“At the risk of stepping over the line, sir,” Valerie said tentatively, “I’m not sure Glover has enough experience to be advising you on these sorts of matters. He understands you better than any of us, of
course, but where he’s most valuable is in the data mining end of things. Analyzing trends, surveying.” She shrugged. “There’s nobody in the whole building who can help me with a computer problem
the way he can. But when it comes to advising you on matters like—”
Headley raised a silencing hand and Valerie went quiet. Chris said, “There’s a bit at the end of the column.”
Headley gave him a pained look, expecting even more bad news. “No, it’s not about you,” he said. “Someone Matheson knew was killed in that elevator accident.”
The mayor was about to look relieved, but quickly adopted a look of moderate concern. “Sherry D’Agostino, I bet. Everybody knew Sherry.” He managed a wry grin. “I even went out with her a few
times, back in the day.” Valerie looked slightly pained, as though only Headley could boast about dating someone who’d recently died.
“No,” Chris said. “Paula somebody. She’d interned at Manhattan Today.”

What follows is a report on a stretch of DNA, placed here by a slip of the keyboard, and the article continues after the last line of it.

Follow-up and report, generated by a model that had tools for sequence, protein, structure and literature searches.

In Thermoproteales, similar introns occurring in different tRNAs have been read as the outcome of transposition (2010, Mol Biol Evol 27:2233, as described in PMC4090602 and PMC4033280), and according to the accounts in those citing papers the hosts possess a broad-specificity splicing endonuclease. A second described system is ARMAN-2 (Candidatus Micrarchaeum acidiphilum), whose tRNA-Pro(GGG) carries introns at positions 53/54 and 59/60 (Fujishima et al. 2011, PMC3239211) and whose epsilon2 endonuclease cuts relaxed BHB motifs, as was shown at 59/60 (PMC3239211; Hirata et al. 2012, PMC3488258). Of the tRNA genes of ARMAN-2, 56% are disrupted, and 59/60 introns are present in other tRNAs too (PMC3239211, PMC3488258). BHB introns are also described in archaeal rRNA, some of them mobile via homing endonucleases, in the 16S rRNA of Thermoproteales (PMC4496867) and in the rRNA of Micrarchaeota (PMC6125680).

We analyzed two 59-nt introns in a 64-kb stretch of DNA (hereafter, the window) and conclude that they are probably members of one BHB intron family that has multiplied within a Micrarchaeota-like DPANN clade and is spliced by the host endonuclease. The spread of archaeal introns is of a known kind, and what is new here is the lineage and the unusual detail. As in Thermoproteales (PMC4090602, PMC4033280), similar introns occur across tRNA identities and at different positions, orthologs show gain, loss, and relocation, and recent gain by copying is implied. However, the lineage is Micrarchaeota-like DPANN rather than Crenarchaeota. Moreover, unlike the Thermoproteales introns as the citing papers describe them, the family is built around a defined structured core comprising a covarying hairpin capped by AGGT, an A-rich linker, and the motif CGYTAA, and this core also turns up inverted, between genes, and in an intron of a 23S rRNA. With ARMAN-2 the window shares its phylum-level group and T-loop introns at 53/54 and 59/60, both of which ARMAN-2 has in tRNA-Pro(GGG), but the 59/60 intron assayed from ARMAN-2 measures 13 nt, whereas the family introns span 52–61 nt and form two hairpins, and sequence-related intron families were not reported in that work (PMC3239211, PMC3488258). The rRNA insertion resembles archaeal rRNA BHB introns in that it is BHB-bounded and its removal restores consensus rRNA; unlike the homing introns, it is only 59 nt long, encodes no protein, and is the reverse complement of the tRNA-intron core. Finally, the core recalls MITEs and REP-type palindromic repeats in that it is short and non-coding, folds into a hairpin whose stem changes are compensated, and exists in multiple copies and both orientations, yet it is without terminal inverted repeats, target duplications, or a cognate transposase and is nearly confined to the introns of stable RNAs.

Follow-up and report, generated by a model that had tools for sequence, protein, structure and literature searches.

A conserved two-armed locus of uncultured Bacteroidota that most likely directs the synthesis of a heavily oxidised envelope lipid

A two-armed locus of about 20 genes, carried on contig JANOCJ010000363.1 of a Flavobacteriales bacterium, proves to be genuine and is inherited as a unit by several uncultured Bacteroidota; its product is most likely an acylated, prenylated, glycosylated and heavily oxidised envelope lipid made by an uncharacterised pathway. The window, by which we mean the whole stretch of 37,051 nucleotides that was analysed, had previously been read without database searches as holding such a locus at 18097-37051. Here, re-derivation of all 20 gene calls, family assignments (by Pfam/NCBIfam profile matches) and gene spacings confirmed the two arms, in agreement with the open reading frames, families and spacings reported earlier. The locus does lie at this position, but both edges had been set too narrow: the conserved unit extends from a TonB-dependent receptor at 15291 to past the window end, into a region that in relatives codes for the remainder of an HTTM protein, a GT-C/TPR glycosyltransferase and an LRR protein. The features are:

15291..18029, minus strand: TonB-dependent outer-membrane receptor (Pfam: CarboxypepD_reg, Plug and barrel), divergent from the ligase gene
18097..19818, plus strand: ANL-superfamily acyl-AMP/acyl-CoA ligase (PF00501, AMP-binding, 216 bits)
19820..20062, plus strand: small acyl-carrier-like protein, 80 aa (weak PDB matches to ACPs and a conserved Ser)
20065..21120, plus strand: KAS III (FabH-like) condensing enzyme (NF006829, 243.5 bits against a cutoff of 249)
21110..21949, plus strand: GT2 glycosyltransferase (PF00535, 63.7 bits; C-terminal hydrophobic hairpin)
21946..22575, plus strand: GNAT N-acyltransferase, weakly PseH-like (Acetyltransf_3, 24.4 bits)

“Oh,” Headley said. There didn’t seem to be much else to say. He looked at Valerie, then Chris, then back to Valerie. “Can you give us the room?” he asked her.
She looked momentarily taken aback, but said nothing as she headed for the door and closed it behind her.
“Chris,” he said, “have a seat.”
The man sat.
“Chris, in the time you’ve been with us, you’ve shown yourself to be very valuable. One part bodyguard, one part detective, one part political strategist.” He chuckled. “And whenever Glover isn’t here to fix my printer, you know just what to do.”
Chris smiled. “Thank you, sir.”
“You’re good at finding things out. Turns out not all the great hackers are teenagers living in their parents’ basements. You’ve been very helpful for someone in my position.”
“Of course,” he said.
“I might not be in this office today if it weren’t for you.”
“I’m not so sure about that, Mr. Mayor.”
“Don’t be modest. You found that woman, talked her into coming forward, telling her story to the Daily News. Wouldn’t be sitting here now if she hadn’t told the world how my opponent forced him- self on her when she was fourteen and he was forty. Even dug up the emails he wrote to his lawyer where he as much as admitted it.”